• Difficulty starting engine
  • Sputtering acceleration

Inspect fuel lines for leaks, damage, and loose fittings. Tighten any loose connections with the proper size wrench. Replace any cracked or damaged fuel lines. Proper fuel line tightness prevents acceleration issues related to fuel leaks or interruptions.

11. Worn Out Engine Mounts

Engine mounts secure your powertrain to the vehicle frame, while absorbing engine vibrations and movement. When mounts wear out, it allows excessive engine movement that can impact acceleration. Bad mounts can also cause clunking or knocking noises under load.

If you suspect bad engine mounts, check for symptoms like:

  • Excessive engine movement when accelerating
  • Knocking or clunking under acceleration
  • Jerky movement when shifting gears
  • Cracked or torn mount rubber

Replacing worn engine mounts restores secure engine positioning for smooth acceleration performance. Just be sure to replace all mounts at the same time to prevent uneven binding or failure.

12. Issues with Mass Airflow Sensor

The mass airflow (MAF) sensor calculates the volume of air entering your engine to determine optimal fueling needs. If this sensor is dirty or defective, it sends incorrect data to your car’s computer. This can cause various drivability issues including jerky acceleration.

Warning signs of a bad airflow sensor include:

  • Hard starting problems
  • Stalling at stops
  • Rough idle
  • Reduced power and acceleration
  • Check engine light comes on

You can try cleaning the MAF sensor with aerosol electronics cleaner to restore proper functionality. If that doesn’t work, replacement of the mass airflow sensor is needed. Your acceleration should become normal once the accurate air readings are restored.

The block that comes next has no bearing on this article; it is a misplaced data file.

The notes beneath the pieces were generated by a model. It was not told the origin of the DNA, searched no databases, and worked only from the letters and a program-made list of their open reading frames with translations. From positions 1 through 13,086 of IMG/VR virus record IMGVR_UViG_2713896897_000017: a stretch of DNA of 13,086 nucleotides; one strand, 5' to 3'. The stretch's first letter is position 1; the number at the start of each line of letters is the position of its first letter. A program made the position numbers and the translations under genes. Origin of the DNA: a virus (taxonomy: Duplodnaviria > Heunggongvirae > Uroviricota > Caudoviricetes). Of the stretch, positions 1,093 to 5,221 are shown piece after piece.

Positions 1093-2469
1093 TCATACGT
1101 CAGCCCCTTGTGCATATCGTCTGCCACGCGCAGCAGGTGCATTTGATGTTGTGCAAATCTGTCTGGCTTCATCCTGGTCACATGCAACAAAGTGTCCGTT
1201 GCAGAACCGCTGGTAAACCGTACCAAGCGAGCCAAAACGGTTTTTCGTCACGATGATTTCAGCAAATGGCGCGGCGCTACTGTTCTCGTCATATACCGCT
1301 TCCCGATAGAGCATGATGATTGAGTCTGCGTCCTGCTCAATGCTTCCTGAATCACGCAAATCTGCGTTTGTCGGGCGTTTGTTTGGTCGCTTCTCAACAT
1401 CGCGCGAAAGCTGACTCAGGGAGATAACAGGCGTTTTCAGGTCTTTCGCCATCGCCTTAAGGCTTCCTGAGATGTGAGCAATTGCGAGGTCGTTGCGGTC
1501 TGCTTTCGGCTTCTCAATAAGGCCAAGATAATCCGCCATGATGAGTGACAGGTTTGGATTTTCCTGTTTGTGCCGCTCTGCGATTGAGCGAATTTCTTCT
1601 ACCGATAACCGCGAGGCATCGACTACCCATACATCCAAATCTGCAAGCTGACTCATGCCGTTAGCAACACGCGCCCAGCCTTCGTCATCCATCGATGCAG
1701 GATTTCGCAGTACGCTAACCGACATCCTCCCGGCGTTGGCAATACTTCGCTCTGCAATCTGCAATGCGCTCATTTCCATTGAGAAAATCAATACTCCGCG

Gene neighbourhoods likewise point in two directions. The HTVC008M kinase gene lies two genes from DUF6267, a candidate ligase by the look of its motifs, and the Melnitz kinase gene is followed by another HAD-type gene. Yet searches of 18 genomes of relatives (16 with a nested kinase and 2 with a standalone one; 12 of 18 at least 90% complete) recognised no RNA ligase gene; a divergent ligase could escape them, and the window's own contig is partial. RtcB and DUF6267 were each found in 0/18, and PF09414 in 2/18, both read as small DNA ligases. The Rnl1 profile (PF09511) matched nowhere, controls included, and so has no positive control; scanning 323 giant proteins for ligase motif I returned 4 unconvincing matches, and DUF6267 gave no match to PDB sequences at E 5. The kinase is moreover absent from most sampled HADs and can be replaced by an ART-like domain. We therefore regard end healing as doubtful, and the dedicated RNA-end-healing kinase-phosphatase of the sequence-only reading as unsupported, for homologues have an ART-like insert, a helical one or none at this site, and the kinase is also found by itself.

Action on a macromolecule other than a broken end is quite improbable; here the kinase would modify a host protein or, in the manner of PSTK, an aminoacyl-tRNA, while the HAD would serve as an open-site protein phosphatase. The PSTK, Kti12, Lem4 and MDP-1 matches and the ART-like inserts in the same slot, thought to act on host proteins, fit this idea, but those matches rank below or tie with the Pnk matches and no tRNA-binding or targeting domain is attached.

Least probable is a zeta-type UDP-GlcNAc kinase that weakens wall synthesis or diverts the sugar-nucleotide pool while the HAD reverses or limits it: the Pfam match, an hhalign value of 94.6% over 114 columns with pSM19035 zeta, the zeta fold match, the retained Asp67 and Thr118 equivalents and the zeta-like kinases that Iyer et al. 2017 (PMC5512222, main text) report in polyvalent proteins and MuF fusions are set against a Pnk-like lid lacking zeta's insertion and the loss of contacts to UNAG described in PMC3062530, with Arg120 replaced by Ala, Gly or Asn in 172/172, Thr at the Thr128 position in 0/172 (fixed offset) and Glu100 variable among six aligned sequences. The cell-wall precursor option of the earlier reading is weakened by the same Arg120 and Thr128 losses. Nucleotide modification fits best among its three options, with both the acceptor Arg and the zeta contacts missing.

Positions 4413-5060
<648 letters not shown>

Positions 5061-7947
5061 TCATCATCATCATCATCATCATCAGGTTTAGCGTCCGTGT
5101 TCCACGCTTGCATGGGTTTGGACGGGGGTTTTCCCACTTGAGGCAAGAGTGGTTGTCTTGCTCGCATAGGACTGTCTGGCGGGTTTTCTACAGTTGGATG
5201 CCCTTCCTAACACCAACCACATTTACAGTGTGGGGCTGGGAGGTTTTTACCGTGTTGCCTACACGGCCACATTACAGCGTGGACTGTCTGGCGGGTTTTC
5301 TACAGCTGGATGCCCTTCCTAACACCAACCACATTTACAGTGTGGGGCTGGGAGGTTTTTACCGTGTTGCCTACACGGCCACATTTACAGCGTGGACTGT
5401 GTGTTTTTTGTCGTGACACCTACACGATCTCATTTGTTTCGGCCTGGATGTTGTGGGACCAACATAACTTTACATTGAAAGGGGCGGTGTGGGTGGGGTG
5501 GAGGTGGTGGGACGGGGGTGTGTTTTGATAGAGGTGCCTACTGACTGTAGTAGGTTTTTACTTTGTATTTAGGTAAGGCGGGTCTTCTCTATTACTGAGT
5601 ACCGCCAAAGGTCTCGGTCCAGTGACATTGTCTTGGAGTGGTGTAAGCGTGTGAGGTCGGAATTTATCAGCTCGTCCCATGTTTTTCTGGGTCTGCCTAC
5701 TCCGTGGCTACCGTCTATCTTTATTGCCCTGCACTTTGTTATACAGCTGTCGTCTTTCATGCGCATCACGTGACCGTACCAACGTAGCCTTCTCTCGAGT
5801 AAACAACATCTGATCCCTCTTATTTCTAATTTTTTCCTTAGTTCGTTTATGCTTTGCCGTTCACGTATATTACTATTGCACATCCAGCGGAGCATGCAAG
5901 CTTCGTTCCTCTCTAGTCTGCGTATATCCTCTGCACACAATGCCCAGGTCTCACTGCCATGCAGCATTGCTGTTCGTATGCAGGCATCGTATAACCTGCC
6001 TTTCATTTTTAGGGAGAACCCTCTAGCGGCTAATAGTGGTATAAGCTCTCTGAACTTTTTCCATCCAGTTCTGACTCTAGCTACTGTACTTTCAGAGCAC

13. Problem with the Throttle Body

The throttle body controls air flowing into the engine based on gas pedal position. A dirty or failing throttle body can’t properly regulate airflow, potentially causing acceleration issues.

Symptoms of throttle body trouble often include:

  • Delayed or jerky acceleration
  • High or low idle speeds
  • Engine misfires
  • Check engine light comes on

You may be able to resolve dirty throttle body symptoms by cleaning the housing and plate with throttle body cleaner. Replacement is required if the throttle body is damaged internally. Getting your throttle body fully functional again provides smooth acceleration response.

14. Vacuum Leak

Your engine requires robust vacuum to run optimally. A vacuum leak can throw off air/fuel ratios by allowing unmetered air to enter the intake manifold. This lean condition often produces misfires and jerky acceleration.

Signs of a vacuum leak include:

  • High idle speed
  • Rough idle
  • Hesitation or jerking when accelerating
  • Check engine light illuminated

Inspect all vacuum hoses for cracks, damage, and loose connections. Spray a small amount of carburetor cleaner around hoses and intake gaskets while engine is running. If RPMs rise, a vacuum leak is present. Replacing damaged vacuum hoses and tightening loose fittings will eliminate vacuum leaks and related acceleration issues.